What the Public Thinks of Philosophy and Other Humanities Fields


A new report from Humanities Indicators (a part of the American Academy of Arts & Sciences), based on a survey of over 5,000 U.S. adults, reveals and discusses various beliefs and attitudes the American public has towards the humanities, and includes information specifically about the public’s perception of and engagement with philosophy.

 “The Humanities in American Life: A Survey of the Public’s Attitudes and Engagement,” covers how the public engages with the humanities and how often, what they take to be the various kinds of benefits of the humanities, their views about the humanities and childhood, and the role of humanities in the workplace. Some findings include:

  • There is substantial engagement with the humanities in American life. However, very few people engage regularly in the full range of activities, or even in all the activities associated with a given discipline (e.g., someone who watches history shows is not very likely to also research history topics online).
  • Though Americans hold a generally favorable view of the humanities, especially as an area of education, their enthusiasm is relatively attenuated in comparison to other intellectual fields and even to some of the humanities’ component disciplines (especially history).
  • Many Americans do not recall being exposed to the humanities by their parents, and most adults wished they had taken more humanities courses in school.
  • And finally, a substantial share of Americans has been hampered at work due to a deficiency in one or more humanities skills, though the survey also reveals that many Americans do not think they need humanities skills in the workplace.

You can get a sense of what people take to be the value (and disvalue) in studying the humanities from the following chart:

How do things look for philosophy specifically?

Let’s start with the bad news. Philosophy is the least favorably / most unfavorably viewed humanities discipline:

True, it’s not the most loathed of the humanities, but that we could use “You Probably Hate French More” as a tagline for the discipline is not much consolation.

The report does not offer an explanation for philosophy’s comparatively poor showing, or how bad this is. After all, 77% of respondents had a “very” or “somewhat” favorable impression of philosophy, and that is only 12 points lower than the most favorably viewed of the humanities, history. One does wonder, though, how respondents interpret the “somewhat favorably.” If they take it to mean “at least a smidgen of positive feeling” then the “very favorable” category is probably the more informative indicator, and there, philosophy is 19 points behind history.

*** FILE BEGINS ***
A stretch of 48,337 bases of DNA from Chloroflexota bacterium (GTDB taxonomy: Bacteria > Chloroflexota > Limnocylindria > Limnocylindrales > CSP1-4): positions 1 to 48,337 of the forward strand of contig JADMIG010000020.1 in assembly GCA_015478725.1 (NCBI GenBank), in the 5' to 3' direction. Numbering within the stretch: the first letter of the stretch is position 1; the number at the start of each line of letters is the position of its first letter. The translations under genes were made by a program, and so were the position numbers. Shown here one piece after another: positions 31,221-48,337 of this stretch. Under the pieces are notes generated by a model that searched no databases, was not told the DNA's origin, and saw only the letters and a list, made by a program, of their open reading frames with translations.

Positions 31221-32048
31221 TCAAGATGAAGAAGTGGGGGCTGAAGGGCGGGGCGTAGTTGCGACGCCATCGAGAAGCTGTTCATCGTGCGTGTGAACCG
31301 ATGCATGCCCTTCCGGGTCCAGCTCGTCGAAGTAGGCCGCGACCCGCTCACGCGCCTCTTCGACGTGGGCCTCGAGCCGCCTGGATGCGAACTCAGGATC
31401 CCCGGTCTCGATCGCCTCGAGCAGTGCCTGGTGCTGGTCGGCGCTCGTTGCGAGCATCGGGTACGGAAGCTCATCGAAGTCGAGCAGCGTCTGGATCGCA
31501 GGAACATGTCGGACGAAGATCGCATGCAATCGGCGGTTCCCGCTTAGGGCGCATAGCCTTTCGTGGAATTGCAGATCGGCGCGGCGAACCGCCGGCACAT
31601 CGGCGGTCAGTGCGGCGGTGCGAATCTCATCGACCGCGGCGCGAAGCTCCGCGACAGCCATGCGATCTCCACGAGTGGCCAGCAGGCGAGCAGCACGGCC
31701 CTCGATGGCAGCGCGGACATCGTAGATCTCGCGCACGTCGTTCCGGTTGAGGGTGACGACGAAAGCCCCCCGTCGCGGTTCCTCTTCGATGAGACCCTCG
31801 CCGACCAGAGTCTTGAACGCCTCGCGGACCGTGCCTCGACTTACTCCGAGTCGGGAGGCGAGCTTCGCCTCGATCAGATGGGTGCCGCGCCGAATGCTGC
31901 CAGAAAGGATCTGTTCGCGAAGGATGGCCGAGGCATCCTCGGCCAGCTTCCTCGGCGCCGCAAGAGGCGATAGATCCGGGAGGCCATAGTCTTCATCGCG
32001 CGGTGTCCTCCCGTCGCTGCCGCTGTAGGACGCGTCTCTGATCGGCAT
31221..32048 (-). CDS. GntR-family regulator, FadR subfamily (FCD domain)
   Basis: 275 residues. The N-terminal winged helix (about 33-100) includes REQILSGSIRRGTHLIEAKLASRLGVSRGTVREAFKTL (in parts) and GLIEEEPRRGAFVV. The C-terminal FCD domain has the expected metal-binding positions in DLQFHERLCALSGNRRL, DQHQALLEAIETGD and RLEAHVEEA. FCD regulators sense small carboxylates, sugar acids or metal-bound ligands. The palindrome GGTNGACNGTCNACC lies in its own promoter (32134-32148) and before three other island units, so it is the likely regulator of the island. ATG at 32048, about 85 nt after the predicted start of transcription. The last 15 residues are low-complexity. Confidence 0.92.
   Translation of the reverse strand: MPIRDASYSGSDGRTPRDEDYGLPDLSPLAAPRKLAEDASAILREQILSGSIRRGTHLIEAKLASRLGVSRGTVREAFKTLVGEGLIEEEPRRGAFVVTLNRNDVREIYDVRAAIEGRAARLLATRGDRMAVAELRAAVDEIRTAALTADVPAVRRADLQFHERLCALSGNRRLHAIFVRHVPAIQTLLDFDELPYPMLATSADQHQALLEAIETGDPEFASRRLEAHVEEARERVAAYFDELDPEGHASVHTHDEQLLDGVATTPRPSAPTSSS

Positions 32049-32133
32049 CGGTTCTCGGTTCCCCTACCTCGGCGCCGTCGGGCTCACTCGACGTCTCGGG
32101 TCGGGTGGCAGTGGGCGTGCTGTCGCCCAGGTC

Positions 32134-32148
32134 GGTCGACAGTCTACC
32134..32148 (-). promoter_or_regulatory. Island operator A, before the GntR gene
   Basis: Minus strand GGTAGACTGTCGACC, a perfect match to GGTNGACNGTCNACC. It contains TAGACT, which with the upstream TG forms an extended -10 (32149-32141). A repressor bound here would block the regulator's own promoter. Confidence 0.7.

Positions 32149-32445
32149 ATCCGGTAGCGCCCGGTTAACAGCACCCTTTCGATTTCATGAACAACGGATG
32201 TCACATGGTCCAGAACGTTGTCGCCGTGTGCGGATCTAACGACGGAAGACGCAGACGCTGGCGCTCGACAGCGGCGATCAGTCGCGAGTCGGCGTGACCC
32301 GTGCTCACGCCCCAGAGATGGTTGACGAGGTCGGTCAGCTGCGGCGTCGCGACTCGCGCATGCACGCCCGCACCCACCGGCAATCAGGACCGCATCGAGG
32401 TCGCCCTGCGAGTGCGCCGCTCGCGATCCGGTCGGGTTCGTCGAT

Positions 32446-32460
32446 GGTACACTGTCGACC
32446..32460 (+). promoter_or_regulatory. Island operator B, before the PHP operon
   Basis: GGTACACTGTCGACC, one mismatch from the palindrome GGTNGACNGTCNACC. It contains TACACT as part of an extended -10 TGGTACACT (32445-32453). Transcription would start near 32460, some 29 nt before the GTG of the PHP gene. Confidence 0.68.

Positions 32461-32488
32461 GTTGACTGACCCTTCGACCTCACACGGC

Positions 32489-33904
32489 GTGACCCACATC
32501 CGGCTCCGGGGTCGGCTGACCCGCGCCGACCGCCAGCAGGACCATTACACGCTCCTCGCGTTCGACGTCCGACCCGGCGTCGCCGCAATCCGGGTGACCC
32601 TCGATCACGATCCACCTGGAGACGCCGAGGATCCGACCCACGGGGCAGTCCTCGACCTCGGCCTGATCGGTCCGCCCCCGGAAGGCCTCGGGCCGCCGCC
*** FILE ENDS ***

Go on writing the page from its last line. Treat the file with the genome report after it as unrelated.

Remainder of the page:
Here are some more specific details on the public’s impression of philosophy, courtesy of Robert Townsend, director of Humanities Indicators:

  • 37% of Black Americans have a very favorable impression of philosophy, compared to 24% of Asian Americans and 27% of White Americans
  • Americans in the lowest income quartile are somewhat more likely to have a very favorable view of philosophy than those in the highest quartile,
  • Self-identified political liberals are substantially more likely than conservatives to have a very favorable impression of philosophy. While 41% of liberals have such a favorable impression of the term, only 17% of conservatives are similarly disposed.

Despite philosophy’s relatively low favorability ratings

  • 25% of Americans said they wish they had taken more courses in it, and
  • 87% of Americans feel that teaching both ethics and logic to K–12 students is important (though about a third thought that elementary school is too early for these topics). 

Additionally:

  • Women are no more likely to wish they had studied more philosophy than men,
  • Black and Hispanic Americans are somewhat more likely than White Americans to wish they had taken more classes in the subject,
  • Americans identifying as politically liberal are twice as likely as conservatives to wish they had studied more philosophy,
  • 29% of Americans recall their parents often discussing ethical issues, though that is smaller than the share who remembered their parents rarely or never engaging in those conversations (36%),
  • Though a large majority of every age group consider the teaching of ethics important, older Americans are more likely than the youngest adults to see the value of teaching the subject to children,
  • Approximately three-quarters of Americans believe ethics ought to be taught both in school and outside (in the home, church, or community).

When it comes to engagement with philosophy:

  • 23% of adults “often” think about or researched the ethical aspects of a choice in their life (another 31% do so “sometimes”), and
  • The youngest adults, ages 18 to 29, are somewhat more likely to engage ethical questions than older Americans,
  • Americans with a college degree are more likely to engage in ethical questions than those with a high school diploma or less.

There are more details in the full report, which you can view here, along with philosophy-specific information here.  Many thanks to Robert Townsend for his work on this project and for sharing its findings.

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